Quakers

QuakerOatsI’m drawn to mysticism.

I don’t know how I got here, but the experience of God in the quiet of my own soul seems to be just about the only thing that matters to me religiously anymore.  Not that this experience doesn’t lead to other important things.  The active life is almost always a major part of the day to day existence of the saints.  But, as I see it, to be truly effective, the active life requires the passive life.

As Aldous Huxley observes:

“Action…should be something added to the life of prayer, not something taken away from it.  One of the reasons for this recommendation is strictly utilitarian; action that is ‘taken away from the life of prayer’ is action unenlightened by contact with Reality, uninspired and unguided; consequently it is apt to be ineffective and even harmful.”

One group of Christians who take this idea very seriously are the Quakers.  Quakers are weird.  And awesome. 

Quakers trace their decent back to a radical English preacher named George Fox.  In the mid 1600’s, Fox riled up the Church of England by passionately preaching two fundamental doctrines: (1) every human being is indwelled by the “Light of Christ,” and (2) this Light is the only ultimately reliable spiritual authority.  These ideas pissed off both the Church and society at large.  The Church didn’t like ultimate “spiritual authority” taken from priests, ministers, creeds, or the Bible, and noble society didn’t like the implication that every human being was equal in the sight of God, regardless of class, gender, etc.  Fox wasn’t a real popular guy.

I suspect, I know, he wouldn’t be popular among Evangelical churches today.  Because you just can’t put anything above the Bible.  Your “inner Light” (especially the so called “Light” of a non-Christian!) must submit to Scripture, not the other way around.

And I get that.  Scripture is concrete (at least at a surface glance); a Rock.  It’s a text, not some vague feeling.  Fox would be denounced as New Age.  And if the Christian Scriptures could hold the weight that is placed upon them by Evangelicals and the doctrine of inerrancy, I would be right their with them.  It would be nice to have that Rock.  But to Quakers, the only Rock is the Spirit of God.  The inner leading of the Holy Ghost.  And their gatherings reflect this.

Straight from the literature of a local Quaker congregation:

There are two aspects of our Meetings for Worship.

The first is the silence of group worship, in which we gather in the Presence of the Spirit to hear, inwardly, the ministry of God to us individually and as a group.  A Meeting in which this Presence is sensed strongly is called a ‘covered or gathered Meeting.’  In such a Meeting, we are led to listen most of the time in silence to the ministry of the Inward Light, since this silence may say more to us than any spoken ministry.

The second aspect of the Meeting is the spoken ministry, in which the Spirit of God moves one or more particular individuals to speak a message of ministry to the whole Meeting.  Many Friends have described the true leading to speak as a strong impulse which makes them so uncomfortable that they are unable to keep their seats but feel that they must speak.”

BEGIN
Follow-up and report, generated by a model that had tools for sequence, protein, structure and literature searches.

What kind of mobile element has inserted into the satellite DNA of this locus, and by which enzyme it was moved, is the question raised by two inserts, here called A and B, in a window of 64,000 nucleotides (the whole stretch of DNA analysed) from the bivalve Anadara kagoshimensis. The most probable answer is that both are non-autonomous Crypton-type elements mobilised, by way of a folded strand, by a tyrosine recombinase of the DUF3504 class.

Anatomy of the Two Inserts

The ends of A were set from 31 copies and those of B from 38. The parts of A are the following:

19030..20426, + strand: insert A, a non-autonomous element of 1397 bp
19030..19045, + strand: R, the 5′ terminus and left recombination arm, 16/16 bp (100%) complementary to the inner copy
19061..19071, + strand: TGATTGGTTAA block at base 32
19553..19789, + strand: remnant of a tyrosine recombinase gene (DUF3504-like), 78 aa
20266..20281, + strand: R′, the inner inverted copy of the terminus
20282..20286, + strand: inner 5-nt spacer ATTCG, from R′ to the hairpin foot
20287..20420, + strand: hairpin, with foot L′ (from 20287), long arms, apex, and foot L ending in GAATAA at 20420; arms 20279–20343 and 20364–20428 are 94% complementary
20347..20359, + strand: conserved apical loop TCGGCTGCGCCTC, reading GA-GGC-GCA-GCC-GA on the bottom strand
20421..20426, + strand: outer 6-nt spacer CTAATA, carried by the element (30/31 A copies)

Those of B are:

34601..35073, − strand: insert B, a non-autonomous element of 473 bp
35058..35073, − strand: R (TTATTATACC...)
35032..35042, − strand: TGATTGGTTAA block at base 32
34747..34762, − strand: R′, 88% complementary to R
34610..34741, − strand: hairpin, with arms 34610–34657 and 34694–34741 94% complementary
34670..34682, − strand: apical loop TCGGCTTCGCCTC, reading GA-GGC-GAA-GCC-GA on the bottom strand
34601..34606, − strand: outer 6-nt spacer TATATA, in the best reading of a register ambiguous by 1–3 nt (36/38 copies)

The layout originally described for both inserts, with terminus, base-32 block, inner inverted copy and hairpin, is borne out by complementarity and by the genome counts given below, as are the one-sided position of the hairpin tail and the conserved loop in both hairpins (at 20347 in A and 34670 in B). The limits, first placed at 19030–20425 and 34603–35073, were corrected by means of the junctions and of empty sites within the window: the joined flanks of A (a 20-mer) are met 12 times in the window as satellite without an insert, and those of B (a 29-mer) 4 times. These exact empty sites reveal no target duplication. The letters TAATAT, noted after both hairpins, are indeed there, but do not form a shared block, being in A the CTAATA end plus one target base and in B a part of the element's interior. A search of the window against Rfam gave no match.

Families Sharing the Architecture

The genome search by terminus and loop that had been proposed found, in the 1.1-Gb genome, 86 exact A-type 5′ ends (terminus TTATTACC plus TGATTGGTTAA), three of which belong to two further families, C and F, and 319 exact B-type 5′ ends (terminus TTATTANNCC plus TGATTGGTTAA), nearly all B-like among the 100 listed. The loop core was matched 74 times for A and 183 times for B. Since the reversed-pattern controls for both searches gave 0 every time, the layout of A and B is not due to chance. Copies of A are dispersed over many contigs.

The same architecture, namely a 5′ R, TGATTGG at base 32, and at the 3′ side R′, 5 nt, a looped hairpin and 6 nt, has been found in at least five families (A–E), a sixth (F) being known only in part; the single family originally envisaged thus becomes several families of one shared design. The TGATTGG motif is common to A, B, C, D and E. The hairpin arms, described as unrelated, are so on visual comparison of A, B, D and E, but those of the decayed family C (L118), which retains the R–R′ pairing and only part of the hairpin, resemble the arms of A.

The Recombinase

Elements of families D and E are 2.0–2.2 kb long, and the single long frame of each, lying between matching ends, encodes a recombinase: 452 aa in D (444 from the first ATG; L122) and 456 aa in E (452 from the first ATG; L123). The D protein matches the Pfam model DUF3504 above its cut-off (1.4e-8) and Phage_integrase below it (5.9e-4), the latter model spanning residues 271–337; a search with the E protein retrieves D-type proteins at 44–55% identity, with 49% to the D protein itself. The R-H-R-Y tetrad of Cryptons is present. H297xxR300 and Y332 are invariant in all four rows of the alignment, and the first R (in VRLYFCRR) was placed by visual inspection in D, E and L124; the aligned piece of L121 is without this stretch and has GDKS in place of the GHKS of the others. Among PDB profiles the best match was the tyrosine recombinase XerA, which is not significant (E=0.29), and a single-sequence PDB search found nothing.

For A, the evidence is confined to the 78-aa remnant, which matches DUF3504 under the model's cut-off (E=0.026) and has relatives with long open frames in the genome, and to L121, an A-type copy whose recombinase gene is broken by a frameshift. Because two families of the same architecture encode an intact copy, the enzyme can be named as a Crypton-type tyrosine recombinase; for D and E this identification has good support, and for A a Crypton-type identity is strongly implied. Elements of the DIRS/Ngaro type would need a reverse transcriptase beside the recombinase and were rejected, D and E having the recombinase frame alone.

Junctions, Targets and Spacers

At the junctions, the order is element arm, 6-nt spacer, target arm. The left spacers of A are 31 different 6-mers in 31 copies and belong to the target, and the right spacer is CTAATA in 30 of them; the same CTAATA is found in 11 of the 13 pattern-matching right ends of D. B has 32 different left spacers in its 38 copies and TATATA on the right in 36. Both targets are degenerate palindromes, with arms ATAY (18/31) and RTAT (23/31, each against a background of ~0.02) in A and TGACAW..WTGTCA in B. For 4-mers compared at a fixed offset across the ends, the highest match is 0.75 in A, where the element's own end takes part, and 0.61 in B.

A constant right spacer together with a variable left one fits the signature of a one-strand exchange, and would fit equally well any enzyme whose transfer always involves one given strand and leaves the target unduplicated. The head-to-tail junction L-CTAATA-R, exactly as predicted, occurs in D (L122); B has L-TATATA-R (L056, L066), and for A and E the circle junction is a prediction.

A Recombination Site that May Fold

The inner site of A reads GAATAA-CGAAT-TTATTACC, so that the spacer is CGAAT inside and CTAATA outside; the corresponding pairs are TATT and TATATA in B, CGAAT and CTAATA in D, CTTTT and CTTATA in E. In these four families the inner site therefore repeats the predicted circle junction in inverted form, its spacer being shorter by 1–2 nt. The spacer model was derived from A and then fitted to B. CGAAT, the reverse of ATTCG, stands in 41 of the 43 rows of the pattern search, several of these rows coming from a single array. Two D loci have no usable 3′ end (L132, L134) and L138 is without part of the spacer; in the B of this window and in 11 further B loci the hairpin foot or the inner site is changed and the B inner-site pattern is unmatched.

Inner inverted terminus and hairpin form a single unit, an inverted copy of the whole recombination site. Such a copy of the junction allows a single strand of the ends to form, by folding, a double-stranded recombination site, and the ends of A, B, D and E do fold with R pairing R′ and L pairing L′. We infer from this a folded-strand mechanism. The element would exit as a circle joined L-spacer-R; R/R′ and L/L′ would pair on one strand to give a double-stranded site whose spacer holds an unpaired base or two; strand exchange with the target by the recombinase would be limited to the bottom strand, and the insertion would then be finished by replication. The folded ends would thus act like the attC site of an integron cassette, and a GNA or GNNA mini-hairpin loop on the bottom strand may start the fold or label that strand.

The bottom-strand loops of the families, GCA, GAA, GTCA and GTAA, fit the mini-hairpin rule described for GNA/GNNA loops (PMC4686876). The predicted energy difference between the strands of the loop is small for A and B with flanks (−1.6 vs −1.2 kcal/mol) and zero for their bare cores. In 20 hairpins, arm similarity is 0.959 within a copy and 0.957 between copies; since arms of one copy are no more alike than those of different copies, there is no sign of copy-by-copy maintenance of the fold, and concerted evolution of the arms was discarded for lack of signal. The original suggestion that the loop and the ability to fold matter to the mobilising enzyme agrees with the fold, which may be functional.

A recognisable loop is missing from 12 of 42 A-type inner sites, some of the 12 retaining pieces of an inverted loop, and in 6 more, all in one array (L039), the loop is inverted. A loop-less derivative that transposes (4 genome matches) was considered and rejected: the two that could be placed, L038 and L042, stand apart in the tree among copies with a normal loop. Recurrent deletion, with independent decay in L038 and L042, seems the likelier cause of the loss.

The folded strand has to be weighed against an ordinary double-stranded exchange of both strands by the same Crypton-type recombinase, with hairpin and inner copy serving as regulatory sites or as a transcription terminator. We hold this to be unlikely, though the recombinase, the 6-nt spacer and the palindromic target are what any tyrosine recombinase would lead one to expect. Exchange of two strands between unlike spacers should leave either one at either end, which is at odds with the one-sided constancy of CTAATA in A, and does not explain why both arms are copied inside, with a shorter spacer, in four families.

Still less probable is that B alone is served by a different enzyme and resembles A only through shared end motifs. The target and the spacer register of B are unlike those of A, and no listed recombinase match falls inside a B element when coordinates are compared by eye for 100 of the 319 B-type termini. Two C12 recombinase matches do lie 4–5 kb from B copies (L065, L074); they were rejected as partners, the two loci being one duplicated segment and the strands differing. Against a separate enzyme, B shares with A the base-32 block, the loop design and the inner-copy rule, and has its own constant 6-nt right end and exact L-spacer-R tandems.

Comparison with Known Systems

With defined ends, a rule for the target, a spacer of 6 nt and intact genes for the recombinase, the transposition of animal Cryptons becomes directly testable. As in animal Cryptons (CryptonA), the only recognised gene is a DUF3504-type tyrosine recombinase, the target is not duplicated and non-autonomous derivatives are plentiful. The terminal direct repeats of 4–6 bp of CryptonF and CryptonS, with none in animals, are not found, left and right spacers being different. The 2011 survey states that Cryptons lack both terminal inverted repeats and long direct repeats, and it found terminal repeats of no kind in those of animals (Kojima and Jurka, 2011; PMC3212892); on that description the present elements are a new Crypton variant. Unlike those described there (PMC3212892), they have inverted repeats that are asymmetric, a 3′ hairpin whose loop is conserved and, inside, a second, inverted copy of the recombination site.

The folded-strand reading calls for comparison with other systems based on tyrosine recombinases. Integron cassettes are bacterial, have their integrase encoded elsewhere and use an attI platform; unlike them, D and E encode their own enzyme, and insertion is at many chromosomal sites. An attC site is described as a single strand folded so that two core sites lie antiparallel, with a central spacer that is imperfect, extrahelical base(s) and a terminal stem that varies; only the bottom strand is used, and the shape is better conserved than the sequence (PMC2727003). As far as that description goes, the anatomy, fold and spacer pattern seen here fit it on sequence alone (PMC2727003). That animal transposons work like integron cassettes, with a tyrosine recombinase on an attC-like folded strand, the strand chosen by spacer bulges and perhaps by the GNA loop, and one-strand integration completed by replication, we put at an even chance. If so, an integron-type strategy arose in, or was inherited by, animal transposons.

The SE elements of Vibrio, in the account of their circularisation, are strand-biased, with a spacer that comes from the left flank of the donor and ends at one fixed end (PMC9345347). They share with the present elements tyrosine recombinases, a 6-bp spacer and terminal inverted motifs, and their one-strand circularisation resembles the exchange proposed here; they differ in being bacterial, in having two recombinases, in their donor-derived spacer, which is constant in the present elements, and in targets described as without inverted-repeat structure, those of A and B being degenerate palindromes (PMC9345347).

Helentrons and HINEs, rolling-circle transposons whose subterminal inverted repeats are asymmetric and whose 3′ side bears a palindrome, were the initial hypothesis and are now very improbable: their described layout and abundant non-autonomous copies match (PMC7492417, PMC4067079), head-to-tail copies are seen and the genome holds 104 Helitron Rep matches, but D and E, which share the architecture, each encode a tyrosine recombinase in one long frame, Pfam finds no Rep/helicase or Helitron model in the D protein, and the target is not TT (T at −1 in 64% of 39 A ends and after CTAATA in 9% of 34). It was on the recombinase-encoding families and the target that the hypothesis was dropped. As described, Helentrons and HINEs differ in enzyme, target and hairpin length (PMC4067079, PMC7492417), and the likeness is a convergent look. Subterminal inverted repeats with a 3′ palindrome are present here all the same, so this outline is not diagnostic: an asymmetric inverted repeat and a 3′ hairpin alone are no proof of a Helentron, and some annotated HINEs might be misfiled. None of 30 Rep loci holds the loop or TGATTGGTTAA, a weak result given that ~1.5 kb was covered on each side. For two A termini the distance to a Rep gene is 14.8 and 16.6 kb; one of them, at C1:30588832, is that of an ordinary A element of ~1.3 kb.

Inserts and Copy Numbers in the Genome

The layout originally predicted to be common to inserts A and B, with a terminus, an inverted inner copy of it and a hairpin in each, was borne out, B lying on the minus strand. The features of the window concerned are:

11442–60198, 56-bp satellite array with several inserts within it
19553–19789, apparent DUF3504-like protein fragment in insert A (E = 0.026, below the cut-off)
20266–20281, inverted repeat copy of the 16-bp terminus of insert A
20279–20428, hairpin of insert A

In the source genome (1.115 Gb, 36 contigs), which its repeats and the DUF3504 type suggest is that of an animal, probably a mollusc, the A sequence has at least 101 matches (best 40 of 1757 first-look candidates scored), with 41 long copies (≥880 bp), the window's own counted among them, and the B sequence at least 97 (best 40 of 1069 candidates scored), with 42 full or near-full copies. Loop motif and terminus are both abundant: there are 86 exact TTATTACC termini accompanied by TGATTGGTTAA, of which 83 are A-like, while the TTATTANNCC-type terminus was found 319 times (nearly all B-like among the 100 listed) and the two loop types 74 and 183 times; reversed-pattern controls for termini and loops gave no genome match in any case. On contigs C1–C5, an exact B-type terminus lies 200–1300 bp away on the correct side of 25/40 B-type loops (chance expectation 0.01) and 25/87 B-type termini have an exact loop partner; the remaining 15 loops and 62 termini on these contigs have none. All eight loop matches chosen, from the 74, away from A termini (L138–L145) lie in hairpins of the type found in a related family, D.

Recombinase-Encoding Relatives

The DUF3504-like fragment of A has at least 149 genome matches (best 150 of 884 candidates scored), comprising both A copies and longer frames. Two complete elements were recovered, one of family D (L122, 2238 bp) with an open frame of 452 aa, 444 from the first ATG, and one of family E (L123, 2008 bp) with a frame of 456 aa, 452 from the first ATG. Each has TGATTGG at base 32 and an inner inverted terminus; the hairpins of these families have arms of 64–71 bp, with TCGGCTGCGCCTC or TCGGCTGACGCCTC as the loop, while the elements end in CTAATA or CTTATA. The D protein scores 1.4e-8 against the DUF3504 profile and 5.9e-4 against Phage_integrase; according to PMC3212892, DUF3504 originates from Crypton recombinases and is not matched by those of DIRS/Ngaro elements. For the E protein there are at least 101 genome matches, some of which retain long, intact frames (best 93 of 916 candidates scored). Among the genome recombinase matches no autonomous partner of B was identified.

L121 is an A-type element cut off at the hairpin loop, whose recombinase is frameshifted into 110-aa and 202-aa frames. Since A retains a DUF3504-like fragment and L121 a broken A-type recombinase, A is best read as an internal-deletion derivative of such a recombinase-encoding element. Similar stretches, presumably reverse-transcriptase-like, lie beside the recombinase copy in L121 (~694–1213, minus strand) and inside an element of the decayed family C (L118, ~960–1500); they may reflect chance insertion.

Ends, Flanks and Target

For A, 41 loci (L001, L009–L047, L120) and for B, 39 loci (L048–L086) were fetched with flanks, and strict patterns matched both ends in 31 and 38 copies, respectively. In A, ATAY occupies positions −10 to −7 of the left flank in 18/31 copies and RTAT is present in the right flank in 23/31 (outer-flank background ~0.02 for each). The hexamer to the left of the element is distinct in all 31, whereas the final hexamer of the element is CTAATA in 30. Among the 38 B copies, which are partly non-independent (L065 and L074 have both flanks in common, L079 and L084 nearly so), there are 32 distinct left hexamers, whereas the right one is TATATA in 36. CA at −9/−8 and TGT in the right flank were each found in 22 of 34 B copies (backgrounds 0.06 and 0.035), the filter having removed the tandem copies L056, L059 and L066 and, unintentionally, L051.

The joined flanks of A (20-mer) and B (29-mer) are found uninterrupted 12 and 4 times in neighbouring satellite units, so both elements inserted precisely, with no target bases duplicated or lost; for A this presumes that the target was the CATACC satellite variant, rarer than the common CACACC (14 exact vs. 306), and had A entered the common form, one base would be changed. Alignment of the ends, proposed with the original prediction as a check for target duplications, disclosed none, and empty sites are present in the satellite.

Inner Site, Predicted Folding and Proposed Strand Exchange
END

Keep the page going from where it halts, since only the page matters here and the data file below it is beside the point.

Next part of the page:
Like I said, weird right?  They just sit around in silence and if someone feels that they have a word for the congregation from the “Inward Light” (i.e. God), they share.  Weird.  And Awesome.  They even give themselves a weird alternate name…the Society of Friends.  Umm…cult anybody?

But I love it.  I went to a Meeting last week.  We just sat together for an hour in silence.  One man shared something about his father for about 5 minutes.  It was great.

 

There are two aspects of our Meetings for Worship

The first is the silence of group worship, in which we gather in the Presence of the Spirit to hear, inwardly, the ministry of God to us individually and as a group. A Meeting in which this Presence is sensed strongly is called a “covered or gathered. Meeting. In such a Meeting, we are led to listen most of the time in silence to the ministry of the Inward Light, since this silence may say more to us than any spoken ministry.

The second aspect of Meeting is the spoken ministry, in which the Spirit of God moves one or more particular individuals to speak a message of ministry to the whole Meeting. Many Friends have described the true leading to speak as a strong impulse which makes them so uncomfortable that they are unable to keep their seats but feel that they must speak. John Woolman described it as “that rise which prepares the creature to stand like a trumpet, through which the Lord speaks to his flock”.

– See more at: http://www.tcfm.org/article/on-speaking-in-meeting-for-worship#sthash.ru9W7jaZ.dpuf

There are two aspects of our Meetings for Worship

The first is the silence of group worship, in which we gather in the Presence of the Spirit to hear, inwardly, the ministry of God to us individually and as a group. A Meeting in which this Presence is sensed strongly is called a “covered or gathered. Meeting. In such a Meeting, we are led to listen most of the time in silence to the ministry of the Inward Light, since this silence may say more to us than any spoken ministry.

The second aspect of Meeting is the spoken ministry, in which the Spirit of God moves one or more particular individuals to speak a message of ministry to the whole Meeting. Many Friends have described the true leading to speak as a strong impulse which makes them so uncomfortable that they are unable to keep their seats but feel that they must speak. John Woolman described it as “that rise which prepares the creature to stand like a trumpet, through which the Lord speaks to his flock”.

– See more at: http://www.tcfm.org/article/on-speaking-in-meeting-for-worship#sthash.ru9W7jaZ.dpuf

  • bruce muamba

    sa va bien par la grace de Dieu

  • bruce muamba

    je m’exprime bien en anglais